The doctrine of the Virgin Birth of Christ is one of Christianity’s essential doctrines. The Virgin Birth of Christ was told by both Matthew and Luke. “Now the birth of Jesus Christ was on this wise: When as his mother Mary was espoused to Joseph, before they came together, she was found with child of the Holy Ghost” (Matthew 1:18). In Luke 1:26-35, we have God’s full explanation of the miraculous birth of Jesus Christ, Who is both God and Man.

Physical Resurrection of Christ
The doctrine of the Resurrection of Christ is one of Christianity’s essential and central truths. The Apostle Paul said that if Christ had not risen physically, then our faith is vain, we are still in our sins, and we are of all men most miserable (1 Corinthians 15:16-19).

This doctrine is specifically and thoroughly taught in Q52 of the Westminster Confession Larger Catechism: “How was Christ exalted in His resurrection?”

Ans: “Christ was exalted in His resurrection, in that, not having seen corruption in death (of which it was not possible for Him to be held), and having the very same body in which He suffered, with the essential properties thereof (but without mortality, and other common infirmities belonging to this life), really united to His soul, He rose again from the dead the third day by His own power; whereby He declared Himself to be the Son of God, to have satisfied divine justice, to have vanquished death, and him that had the power of it, and to be Lord of quick and dead: all which He did as a public person, the head of His Church, for their justification, quickening in grace, support against enemies, and to assure them of their resurrection from the dead at the last day.”
Much can be said from this statement, but there are 5 key points.

Firstly, Christ did actually die physically. It was confirmed by the Roman soldiers (John 19:33-37) and the Jewish burial that was given him (John 19:39-40).

Secondly, He also resurrected bodily; His grave clothes were left behind (John 20:5-7) and His nail prints could still be felt (John 20:27).

Thirdly, Christ rose from the dead on the third day by His own power. He predicted this in John 10:18. This is significant because it proves that He is the Son of God (Romans 1:4).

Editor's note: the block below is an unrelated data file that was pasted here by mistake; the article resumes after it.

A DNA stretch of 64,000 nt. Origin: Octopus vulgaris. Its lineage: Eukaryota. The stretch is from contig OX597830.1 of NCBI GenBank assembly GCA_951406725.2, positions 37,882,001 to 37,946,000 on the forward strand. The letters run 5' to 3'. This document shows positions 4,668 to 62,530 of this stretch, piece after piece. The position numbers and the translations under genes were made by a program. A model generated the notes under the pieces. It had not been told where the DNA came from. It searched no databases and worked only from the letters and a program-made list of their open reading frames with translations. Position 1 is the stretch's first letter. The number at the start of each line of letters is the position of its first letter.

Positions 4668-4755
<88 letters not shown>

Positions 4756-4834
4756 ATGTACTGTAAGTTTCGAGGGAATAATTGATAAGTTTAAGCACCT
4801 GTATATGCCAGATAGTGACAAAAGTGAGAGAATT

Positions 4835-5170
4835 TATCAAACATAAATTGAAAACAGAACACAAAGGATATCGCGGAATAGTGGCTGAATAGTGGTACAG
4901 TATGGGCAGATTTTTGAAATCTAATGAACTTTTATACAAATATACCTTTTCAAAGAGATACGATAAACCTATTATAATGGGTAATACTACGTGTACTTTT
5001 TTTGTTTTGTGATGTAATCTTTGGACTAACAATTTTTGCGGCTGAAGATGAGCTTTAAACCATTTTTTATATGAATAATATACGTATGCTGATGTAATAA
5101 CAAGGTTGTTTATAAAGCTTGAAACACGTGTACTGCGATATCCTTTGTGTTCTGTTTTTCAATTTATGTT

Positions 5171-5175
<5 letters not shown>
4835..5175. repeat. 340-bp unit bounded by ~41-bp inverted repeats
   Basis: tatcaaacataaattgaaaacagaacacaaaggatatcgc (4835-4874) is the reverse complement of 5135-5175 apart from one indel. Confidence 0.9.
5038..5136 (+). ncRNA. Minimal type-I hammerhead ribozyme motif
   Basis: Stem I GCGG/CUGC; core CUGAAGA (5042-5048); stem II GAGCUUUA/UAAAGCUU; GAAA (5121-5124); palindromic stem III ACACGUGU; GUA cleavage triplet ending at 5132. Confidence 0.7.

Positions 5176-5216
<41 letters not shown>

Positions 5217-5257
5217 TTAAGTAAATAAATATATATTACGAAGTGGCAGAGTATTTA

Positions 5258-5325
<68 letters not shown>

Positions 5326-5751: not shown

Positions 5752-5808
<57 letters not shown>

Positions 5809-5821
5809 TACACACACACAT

Fourthly, Christ’s resurrection secures salvation for all believers because it proves that His death was accepted as atonement for our sins.

Fifthly, because He has conquered death, all believers will likewise be resurrected at the last day (1 Corinthians 15:24-26).

Presbyterian Form of Church Government
The church is governed by sound principles in order to carry out God’s eternal plan in the world and in His children. But since God alone is the Lord of the conscience, God “has left it free from the doctrine and commandments of men, which are in any thing contrary to His Word, or beside it in matters of faith or worship” (Article 5.1). Hence, all church power, of the congregation or of its officers, is only “ministerial and declarative”. The only authority on faith and conduct is the Holy Scriptures and “all its decisions should be founded upon the revealed will of God” (Article 5.7). It is essential that those admitted as teachers and preachers in the church be sound in “the faith which was once delivered unto the saints.”

The church is committed to the task of evangelism and missions, fellowship and discipleship, baptism, the Lord’s Supper and Worship, Christian education, weddings and funerals, and the stewardship of the manifold resources bestowed by God.

The management, administration and discipline of the church rest on the Session of the church which comprises the Pastor, Associate/Assistant Pastor and, if any, Advisory or Supervisory Pastor, Elders, Deacons and Deaconesses. The Pastor will also be the Chairman or Moderator of the Session.

The spiritual oversight of the church in matters of doctrine, principles of government, church elections, admission and discipline of members and the administrative oversight of the church shall be the specific responsibilities of the Pastor with the full co-operation and participation of the Board of Elders (Article 11.2 & 15.7). Deacons and deaconesses work under the instruction of the Elders.

All session members of the church are elected to hold office for a period of three years by the congregation at the Annual Congregational Meeting. All may be eligible for re-election in accordance with the terms of the Constitution.

The church is financially supported by the freewill offerings and tithes of its members and gifts donated from friends and other income derived by the church according to the Holy Scriptures.